So, friend, this slow season, create a social media calendar that allows you to plan ahead and better serve your audience!
Now, this step is specifically for photographers. If you aren’t a photographer, please feel free to skip to point six, but photographer friends, if submitting publications isn’t part of your workflow already, slow season is the perfect time to submit weddings and sessions for publication!
If you’d like assistance and step-by-step instructions for getting your work published, be sure to check out “Episode 022: How to Get Published as a Wedding Photographer with Jasmine Norris.” In this episode, Jasmine walks you through exactly how to get your work picked up and featured.
We all have areas in our businesses that can be improved, and slow season is the perfect time to create streamlined systems and processes.
For example, maybe your onboarding system is a hot mess, and you need to set up a client management system (such as Iris Works). Perhaps you’re constantly behind on editing, and during slow season, you finally have time to explore some outsourcing options (such as Photographer’s Edit). Or, maybe you really need to bring on some help, and this slow season, you can actually take a deep breath to figure out what you need and train someone. (If you are looking to hire, be sure to tune in to “Episode 011: How to Build Your Team as a Creative Entrepreneur with Jessie Roseberry of Roseberry & Co”!)
No matter the issue, set aside some time this slow season to address any inefficiencies in your business so you can start your next busy season off with your best foot forward.
As creatives who love what we do, we want our work to be the reason we stand out in our industry. But, friend, more often than not, there’s one thing that can really make you shine: offering an exceptional client experience.
This slow season, take a look at your client experience and aim to add or improve at least one thing. For example, maybe you want to start sending welcome packages when a client books or create an email sequence that your clients will receive at scheduled times throughout your time together.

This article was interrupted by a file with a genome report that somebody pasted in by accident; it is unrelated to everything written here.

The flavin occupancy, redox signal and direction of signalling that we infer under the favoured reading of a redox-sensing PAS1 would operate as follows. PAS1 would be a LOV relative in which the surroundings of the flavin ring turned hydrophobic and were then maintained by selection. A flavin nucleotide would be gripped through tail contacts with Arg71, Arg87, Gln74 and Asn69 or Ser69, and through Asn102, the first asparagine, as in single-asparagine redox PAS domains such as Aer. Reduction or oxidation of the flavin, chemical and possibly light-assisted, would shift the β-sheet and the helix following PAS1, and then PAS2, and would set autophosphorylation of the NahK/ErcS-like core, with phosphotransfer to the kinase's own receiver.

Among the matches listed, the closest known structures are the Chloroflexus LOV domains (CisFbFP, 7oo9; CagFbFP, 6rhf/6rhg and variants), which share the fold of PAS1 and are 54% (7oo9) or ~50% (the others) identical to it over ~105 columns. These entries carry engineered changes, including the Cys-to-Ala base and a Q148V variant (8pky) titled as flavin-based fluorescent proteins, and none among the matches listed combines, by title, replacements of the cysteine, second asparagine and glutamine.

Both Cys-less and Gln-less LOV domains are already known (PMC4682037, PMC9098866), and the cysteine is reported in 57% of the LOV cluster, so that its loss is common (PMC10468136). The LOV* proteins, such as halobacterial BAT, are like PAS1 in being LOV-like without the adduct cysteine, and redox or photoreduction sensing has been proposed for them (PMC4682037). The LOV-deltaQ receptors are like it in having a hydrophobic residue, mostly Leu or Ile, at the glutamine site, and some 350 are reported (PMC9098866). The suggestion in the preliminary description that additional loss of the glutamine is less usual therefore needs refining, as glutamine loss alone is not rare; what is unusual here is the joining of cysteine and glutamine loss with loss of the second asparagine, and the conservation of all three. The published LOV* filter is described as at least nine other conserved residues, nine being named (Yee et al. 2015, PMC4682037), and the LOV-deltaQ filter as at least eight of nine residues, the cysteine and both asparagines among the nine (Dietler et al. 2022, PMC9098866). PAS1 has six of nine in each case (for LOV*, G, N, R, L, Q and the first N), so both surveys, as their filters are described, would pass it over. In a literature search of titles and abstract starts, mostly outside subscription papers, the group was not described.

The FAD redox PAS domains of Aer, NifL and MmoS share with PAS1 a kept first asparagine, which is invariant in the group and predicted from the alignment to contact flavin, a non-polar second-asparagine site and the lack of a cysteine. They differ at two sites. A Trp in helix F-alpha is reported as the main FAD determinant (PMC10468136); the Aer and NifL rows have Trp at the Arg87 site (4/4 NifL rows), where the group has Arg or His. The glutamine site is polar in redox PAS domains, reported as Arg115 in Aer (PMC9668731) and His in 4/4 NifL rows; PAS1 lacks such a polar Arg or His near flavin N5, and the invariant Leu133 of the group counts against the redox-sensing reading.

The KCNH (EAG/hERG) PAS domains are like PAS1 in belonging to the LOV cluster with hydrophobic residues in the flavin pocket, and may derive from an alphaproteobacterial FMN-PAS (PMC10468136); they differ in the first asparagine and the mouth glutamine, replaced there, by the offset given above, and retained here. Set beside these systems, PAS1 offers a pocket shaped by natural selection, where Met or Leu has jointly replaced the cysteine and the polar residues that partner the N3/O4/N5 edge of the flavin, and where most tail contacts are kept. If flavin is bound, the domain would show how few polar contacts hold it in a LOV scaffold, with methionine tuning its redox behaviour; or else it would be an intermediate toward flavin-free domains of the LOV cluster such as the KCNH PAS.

There are countless things you can do to love on your clients—many of which are absolutely free—so this slow season, take some time to think about how you can better serve the people who support your business!
If you need some client experience inspo, be sure to check out:
As a creative entrepreneur and a person in general, you never want to stop growing. And, slow season is the perfect time to focus on professional development.
So, friend, this slow season, attend a workshop, invest in coaching, take an online course, or simply read and implement books. No matter your goals, there are definitely resources out there that can help you reach your goals, and while things are more relaxed in your business and you have the mental capacity, spend time learning and growing.
If you ignore everything on this list, please don’t ignore this point. One of the most rewarding things about being a creative entrepreneur is getting to grow and learn, and becoming stagnant is one of the leading causes of burnout. So, take some time to learn a thing or two this slow season that will make you better at your creaf and a better business owner!
This slow season, I want to encourage you to set two goals, friend:
When your slow season gets here, friend, I hope it’s filled with family, friends, rest, and needle-moving tasks and projects!